Beer began to be considered a low-class, barbarian drink. For example, when the hapless emperor Valens (later to be slaughtered by the Goths) was attempting to beseige the town of Chalcedon during a minor civil war, he "received a chorus of insults from the walls and the derisive name Sabaiarius--beer swiller," writes Ammianus Marcellinus. "Sabaia is the poor man's drink in Illyricum and is a kind of beer made from barley or some other grain."

(Nor has beer fully shed its rustic image--take "Gimme a Pigfoot and a Bottle of Beer", an ode to low pleasures. Recorded by the likes of Bessie Smith and Billie Holiday, the latter whose 1949 version can be found on this collection of her Decca years.)

Even today there remains a vestige of the great divide in Europe--that of the Romans and the barbarians. The Romans and their long-established provinces--France, Spain, Greece, etc.--were wine drinkers, while beyond the pale, the Germans and Celts brewed beer.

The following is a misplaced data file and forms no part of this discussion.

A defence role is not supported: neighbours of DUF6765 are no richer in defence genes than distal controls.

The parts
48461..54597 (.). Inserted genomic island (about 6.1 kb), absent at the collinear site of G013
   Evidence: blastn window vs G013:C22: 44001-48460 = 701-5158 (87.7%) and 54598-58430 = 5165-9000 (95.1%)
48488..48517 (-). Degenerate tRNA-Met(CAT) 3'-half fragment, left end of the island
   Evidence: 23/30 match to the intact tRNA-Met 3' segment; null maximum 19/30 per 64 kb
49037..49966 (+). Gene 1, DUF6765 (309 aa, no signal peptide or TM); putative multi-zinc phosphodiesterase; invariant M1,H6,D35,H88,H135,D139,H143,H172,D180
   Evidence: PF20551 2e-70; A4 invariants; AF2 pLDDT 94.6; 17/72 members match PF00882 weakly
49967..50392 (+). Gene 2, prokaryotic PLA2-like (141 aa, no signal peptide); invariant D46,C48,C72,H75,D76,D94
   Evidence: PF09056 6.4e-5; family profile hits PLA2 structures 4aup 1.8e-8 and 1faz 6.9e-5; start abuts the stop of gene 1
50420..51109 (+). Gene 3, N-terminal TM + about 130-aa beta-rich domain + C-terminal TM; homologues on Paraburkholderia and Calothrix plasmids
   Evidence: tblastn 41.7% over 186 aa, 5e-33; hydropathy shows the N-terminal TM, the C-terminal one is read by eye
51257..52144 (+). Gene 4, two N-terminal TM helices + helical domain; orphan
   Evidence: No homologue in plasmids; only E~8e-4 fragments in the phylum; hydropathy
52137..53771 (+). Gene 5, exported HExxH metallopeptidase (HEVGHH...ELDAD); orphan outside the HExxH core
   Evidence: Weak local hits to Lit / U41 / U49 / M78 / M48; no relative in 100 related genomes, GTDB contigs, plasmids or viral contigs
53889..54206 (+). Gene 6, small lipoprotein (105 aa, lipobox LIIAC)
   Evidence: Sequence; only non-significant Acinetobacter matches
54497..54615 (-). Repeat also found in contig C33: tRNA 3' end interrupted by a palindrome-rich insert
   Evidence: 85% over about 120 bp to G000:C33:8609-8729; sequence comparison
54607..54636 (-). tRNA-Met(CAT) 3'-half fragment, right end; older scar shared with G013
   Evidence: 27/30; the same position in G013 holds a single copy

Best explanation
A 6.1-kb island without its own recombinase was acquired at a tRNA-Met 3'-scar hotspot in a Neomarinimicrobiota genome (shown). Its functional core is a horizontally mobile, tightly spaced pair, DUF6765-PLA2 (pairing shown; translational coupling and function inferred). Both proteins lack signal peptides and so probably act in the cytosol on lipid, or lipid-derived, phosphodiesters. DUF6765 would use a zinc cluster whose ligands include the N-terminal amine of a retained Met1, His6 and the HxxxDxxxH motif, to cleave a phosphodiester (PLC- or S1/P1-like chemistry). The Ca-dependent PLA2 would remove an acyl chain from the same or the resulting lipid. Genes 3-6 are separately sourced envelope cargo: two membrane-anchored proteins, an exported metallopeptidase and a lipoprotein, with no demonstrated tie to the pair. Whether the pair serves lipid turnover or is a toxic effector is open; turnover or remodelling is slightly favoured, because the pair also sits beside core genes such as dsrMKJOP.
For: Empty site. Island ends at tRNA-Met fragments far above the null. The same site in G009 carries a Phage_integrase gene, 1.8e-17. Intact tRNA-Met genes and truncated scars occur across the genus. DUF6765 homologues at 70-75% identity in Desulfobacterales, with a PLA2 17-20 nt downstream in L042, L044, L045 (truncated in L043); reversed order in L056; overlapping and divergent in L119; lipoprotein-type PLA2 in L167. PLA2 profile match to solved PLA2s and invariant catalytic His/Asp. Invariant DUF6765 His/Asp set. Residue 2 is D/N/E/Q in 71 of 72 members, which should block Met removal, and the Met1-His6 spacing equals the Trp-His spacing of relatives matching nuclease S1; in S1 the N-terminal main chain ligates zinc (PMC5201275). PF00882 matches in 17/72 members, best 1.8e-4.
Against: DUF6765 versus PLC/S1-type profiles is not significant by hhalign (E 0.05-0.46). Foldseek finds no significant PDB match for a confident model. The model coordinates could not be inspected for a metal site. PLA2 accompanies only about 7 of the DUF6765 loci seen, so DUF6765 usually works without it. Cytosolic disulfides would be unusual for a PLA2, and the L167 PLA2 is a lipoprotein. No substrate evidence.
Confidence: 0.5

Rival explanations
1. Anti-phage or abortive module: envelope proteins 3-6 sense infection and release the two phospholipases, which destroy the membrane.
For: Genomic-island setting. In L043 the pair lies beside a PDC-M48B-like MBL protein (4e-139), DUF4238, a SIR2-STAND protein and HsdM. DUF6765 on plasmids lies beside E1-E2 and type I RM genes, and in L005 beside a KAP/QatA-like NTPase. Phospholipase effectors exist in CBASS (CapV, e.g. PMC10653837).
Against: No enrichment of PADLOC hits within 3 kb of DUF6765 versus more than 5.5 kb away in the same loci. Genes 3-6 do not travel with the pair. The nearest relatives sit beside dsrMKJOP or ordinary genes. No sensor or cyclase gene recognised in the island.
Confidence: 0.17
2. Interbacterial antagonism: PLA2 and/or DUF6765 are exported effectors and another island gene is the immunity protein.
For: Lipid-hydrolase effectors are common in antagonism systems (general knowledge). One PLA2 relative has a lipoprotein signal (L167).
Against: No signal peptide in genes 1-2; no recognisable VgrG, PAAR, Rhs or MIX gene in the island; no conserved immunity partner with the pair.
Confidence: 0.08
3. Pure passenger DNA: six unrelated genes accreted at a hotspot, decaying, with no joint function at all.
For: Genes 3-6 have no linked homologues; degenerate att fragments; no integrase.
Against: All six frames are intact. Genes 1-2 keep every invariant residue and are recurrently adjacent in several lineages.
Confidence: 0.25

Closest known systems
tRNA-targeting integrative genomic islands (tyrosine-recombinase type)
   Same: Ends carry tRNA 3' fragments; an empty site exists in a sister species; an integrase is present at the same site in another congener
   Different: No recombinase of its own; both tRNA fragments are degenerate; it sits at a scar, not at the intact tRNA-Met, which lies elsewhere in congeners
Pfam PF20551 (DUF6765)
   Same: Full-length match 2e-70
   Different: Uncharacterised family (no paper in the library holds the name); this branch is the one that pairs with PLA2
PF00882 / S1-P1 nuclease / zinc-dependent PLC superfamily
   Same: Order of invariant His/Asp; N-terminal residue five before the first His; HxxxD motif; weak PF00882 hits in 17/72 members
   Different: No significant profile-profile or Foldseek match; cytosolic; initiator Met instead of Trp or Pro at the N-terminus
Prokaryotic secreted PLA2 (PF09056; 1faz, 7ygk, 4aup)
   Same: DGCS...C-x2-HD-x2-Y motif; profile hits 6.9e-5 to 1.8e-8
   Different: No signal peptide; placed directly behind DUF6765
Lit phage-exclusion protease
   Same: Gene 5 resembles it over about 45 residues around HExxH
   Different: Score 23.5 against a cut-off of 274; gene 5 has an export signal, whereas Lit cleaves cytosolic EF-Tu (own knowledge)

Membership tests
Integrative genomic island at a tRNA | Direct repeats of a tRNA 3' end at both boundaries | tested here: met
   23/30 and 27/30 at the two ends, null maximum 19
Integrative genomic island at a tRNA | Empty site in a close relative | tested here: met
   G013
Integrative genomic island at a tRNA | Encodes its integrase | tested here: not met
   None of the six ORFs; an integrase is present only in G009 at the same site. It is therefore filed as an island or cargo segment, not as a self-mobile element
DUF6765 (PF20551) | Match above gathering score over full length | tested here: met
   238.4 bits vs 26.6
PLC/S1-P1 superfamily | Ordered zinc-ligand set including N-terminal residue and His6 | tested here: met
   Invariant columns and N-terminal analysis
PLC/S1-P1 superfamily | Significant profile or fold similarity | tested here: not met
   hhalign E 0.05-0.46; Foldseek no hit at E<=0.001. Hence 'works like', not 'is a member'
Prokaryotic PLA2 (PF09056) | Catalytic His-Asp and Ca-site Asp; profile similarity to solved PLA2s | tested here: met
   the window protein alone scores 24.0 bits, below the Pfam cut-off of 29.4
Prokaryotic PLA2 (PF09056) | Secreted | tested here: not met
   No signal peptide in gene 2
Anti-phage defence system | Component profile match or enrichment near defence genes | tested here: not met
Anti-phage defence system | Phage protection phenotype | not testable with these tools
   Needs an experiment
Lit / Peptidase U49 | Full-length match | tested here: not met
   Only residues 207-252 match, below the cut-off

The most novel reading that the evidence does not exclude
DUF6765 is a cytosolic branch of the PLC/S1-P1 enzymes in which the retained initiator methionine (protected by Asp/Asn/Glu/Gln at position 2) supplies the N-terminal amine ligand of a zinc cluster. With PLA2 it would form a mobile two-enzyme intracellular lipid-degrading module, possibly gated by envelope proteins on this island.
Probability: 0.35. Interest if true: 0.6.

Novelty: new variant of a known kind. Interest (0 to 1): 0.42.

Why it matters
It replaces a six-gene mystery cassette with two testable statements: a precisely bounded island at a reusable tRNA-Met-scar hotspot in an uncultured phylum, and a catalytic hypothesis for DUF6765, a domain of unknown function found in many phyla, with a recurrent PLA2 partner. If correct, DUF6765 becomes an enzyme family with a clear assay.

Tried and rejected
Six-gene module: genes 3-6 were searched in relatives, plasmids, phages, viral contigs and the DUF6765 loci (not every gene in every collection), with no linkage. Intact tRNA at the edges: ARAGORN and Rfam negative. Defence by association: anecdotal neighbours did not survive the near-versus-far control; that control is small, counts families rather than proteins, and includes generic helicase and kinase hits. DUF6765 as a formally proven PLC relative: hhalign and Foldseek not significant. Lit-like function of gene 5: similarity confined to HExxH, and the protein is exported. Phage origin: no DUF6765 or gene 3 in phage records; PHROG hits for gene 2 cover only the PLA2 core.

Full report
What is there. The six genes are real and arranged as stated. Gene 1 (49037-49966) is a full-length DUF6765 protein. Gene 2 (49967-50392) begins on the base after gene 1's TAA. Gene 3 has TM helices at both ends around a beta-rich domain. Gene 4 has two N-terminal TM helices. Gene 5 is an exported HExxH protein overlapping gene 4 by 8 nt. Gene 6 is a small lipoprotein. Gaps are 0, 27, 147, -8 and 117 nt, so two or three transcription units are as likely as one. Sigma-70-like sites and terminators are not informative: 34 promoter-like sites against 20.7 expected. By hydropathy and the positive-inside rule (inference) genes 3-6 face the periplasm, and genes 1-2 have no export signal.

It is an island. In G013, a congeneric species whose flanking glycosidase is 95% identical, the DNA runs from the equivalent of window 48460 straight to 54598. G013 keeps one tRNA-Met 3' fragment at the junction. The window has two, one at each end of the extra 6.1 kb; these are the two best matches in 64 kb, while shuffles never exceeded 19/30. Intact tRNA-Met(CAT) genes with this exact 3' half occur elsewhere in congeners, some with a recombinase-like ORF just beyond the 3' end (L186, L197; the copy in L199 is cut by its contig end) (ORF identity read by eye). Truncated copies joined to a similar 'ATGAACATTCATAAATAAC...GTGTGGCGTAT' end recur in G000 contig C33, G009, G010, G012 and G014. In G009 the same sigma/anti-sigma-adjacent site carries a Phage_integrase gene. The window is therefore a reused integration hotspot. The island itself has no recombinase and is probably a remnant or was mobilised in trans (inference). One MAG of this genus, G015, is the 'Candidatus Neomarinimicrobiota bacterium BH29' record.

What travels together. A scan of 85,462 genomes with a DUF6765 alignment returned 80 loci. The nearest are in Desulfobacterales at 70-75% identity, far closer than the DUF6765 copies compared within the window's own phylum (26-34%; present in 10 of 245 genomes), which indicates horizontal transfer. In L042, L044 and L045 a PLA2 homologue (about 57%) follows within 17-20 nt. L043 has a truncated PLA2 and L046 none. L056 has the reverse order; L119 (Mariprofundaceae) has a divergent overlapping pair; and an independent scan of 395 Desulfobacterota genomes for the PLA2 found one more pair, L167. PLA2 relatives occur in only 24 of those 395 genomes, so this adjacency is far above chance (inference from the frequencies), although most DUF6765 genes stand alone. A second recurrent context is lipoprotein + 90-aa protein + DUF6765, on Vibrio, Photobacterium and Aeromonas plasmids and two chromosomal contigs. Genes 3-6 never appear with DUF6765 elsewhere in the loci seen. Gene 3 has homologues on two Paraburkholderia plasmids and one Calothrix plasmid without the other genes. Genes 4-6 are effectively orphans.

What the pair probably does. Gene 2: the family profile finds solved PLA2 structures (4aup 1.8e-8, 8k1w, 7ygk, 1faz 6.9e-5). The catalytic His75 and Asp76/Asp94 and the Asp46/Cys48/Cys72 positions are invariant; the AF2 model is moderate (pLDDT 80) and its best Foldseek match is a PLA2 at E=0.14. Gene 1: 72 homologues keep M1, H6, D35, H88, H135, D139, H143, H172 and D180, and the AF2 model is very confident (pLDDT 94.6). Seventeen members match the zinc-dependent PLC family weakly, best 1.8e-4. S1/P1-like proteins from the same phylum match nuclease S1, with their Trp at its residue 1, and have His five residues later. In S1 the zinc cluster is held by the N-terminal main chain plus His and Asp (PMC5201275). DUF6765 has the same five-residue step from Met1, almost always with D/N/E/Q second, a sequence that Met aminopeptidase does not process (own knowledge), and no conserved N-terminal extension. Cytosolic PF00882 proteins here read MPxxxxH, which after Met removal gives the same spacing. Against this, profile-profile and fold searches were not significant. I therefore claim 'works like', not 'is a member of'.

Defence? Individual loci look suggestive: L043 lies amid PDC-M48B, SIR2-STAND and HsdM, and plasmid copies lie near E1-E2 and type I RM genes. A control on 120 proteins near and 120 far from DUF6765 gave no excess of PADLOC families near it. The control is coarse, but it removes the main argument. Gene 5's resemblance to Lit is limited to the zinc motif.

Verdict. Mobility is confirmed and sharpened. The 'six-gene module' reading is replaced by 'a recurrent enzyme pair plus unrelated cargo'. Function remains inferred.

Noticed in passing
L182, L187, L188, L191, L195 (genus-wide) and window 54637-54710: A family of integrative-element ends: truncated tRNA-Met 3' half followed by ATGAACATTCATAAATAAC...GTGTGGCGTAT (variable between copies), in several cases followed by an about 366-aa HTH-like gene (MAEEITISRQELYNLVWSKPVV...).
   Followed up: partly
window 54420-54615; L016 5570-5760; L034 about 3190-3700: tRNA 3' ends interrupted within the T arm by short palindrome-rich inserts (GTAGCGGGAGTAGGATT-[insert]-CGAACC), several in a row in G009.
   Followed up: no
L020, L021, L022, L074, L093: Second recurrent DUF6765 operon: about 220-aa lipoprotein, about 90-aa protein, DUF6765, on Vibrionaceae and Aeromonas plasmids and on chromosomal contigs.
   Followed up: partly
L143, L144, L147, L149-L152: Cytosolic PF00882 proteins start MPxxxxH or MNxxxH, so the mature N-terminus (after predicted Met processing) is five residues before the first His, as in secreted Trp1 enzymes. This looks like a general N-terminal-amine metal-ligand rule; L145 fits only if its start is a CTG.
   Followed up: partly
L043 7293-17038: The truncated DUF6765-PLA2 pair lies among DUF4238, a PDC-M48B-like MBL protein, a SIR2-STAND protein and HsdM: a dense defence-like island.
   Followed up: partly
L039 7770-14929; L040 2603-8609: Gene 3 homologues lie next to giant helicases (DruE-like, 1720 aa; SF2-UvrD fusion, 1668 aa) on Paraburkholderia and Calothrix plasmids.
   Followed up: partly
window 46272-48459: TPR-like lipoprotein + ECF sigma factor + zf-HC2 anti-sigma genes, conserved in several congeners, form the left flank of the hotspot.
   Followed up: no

"I was back in beer territory," wrote Patrick Leigh Fermor, detailing a walking trip he made in 1933 to Germany, just after Hitler took power. "One must travel east for 180 miles from the Upper form an idea of the transformation that beer, in collusion with almost nonstop eating, can wreak on the human frame." Still, when Fermor sits down to drink, he finds "the blonde beer inside [his tankard] was cool and marvellous, a brooding cylindrical litre of Teutonic myth." (from A Time of Gifts.)

Peasants Wedding, Brueghel (detail)

When the Empire fell, however, beer drinking returned to prominence with the new barbarian masters of the earth. "The Anglo-Saxons consumed beer on an oceanic scale," winces HPR Finberg, in his look at the formation of England. The love of brew extended even to the clergy--Aelfric, the schoolmaster at Cerne Abbey in Dorset, wrote to his pupils that his drink "was beer, or failing that, beer water. Wine is not for the young, but the old and wise."